Congenital Heart Defects Information for Healthcare Providers
Newborn screening for critical congenital heart defects (CCHDs) can identify newborns with these conditions before signs or symptoms are evident and before the newborns are discharged from the birth hospital.
Critical CHD Screening Methods
Current published recommendations focus on screening newborns in the well-baby nursery and in intermediate care nurseries or other units in which discharge from the hospital is common during a newborn’s first week of life. Timing the screening around the time of the newborn hearing screening can help improve efficiency. A pulse oximeter is used to measure the percentage of hemoglobin in the blood that is saturated with oxygen.
The following algorithm has been developed to show the steps in screening (Kemper et al., 2011)
PLEASE NOTE: Percentages refer to oxygen saturation as measured by pulse oximeter.
Pulse oximetry screening should not replace taking a complete family health history and pregnancy history or completing a physical examination, which sometimes can detect a critical CHD before the development of low levels of oxygen (hypoxemia) in the blood.
Screening with pulse oximetry can identify a number of types of CCHD, the most common of which are shown in the box below. While not the main targets of screening, many conditions other than CCHD may present with hypoxmia and thus likewise be detected via pulse oximetry.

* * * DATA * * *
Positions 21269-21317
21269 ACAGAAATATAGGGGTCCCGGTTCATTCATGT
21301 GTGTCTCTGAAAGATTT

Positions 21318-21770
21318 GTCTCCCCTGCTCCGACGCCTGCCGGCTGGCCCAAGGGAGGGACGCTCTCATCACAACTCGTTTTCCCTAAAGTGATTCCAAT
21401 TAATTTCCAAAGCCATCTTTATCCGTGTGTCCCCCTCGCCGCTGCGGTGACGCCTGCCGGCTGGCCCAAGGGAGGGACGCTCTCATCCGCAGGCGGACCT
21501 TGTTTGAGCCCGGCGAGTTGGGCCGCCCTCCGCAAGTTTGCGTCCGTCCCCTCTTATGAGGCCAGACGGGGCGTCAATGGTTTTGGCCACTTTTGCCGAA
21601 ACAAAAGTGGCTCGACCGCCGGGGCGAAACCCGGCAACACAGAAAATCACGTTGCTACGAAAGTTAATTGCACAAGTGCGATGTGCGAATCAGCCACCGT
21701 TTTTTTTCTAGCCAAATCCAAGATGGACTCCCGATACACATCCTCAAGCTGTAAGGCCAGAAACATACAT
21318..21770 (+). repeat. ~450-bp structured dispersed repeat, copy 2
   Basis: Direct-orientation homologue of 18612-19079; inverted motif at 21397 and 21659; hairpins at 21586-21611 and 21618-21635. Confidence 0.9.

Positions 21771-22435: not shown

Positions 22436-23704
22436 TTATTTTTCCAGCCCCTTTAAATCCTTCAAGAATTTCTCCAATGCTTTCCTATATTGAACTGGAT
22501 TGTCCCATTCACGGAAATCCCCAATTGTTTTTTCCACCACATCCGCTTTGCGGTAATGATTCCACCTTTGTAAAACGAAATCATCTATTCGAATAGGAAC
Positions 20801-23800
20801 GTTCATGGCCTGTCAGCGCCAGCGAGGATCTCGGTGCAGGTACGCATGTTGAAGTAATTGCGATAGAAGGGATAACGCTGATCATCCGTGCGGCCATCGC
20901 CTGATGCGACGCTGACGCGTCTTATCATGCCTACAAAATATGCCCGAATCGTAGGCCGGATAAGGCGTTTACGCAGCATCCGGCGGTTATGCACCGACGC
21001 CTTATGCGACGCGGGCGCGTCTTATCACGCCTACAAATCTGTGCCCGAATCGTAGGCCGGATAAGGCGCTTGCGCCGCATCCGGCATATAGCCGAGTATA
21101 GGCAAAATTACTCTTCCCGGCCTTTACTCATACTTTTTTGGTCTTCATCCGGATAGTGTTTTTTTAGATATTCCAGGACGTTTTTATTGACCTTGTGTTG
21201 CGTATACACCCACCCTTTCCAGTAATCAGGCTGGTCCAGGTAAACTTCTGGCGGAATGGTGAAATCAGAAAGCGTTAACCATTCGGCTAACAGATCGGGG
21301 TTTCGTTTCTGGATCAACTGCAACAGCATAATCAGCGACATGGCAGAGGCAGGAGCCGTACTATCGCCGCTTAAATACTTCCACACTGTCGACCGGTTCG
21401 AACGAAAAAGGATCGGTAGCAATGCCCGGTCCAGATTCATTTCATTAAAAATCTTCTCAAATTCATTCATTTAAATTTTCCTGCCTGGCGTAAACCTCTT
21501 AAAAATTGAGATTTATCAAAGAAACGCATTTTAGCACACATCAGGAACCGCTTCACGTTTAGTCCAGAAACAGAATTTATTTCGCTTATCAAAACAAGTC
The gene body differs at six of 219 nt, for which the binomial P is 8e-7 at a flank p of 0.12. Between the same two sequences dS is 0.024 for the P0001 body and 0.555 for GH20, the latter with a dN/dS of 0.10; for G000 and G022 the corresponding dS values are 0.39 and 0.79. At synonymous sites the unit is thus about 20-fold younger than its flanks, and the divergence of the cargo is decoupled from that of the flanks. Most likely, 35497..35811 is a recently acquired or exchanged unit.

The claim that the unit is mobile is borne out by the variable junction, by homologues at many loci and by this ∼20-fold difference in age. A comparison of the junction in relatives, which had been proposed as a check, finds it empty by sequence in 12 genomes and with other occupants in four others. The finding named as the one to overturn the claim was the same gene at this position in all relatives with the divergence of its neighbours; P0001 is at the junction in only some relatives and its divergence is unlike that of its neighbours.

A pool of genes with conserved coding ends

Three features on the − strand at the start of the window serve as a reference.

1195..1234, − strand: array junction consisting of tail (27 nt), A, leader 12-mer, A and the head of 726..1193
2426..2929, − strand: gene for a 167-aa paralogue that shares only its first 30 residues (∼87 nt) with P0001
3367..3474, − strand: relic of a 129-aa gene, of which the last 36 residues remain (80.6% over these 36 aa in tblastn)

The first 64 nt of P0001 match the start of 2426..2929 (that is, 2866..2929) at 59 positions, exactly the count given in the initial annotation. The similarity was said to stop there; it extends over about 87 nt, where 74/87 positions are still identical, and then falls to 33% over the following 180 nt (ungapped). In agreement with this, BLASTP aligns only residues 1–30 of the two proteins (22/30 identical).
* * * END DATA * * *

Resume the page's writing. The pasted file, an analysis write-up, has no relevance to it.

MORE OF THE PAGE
- Coarctation of the aorta
- Double outlet right ventricle
- Ebstein anomaly
- Hypoplastic left heart syndrome
- Interrupted aortic arch
- Pulmonary atresia
- Single ventricle
- Tetralogy of Fallot
- Total anomalous pulmonary venous return
- d-Transposition of the great arteries
- Tricuspid artresia
- Truncus ateriosus
- Other critical CHDs requiring treatment in the first year of life
A screen is considered failed if:
- Any oxygen saturation measure is <90% (in the initial screen or in repeat screens),
- Oxygen saturation is <95% in the right hand and foot on three measures, each separated by one hour, or
- A >3% absolute difference exists in oxygen saturation between the right hand and foot on three measures, each separated by one hour.
Any infant who fails the screen should have an evaluation for causes of hypoxemia. In most cases this will include an echocardiogram, but if a reversible cause of hypoxemia is identified and appropriately treated, an echocardiogram may not be necessary. The infant’s pediatrician should be notified immediately and the infant might need to be seen by a cardiologist.
Any screening with an oxygen saturation measure that is ≥95% in the right hand or foot with a ≤3% absolute difference between the right hand or foot is considered a passed screen and screening would end. Pulse oximetry screening does not detect all critical CHDs, so it is possible for a baby with a passing screening result to still have a critical CHD or other CHD.
Ways to Reduce False Positive Screens
- Screen the newborn while he or she is alert.
- Screen the newborn when he or she is at least 24 hours old.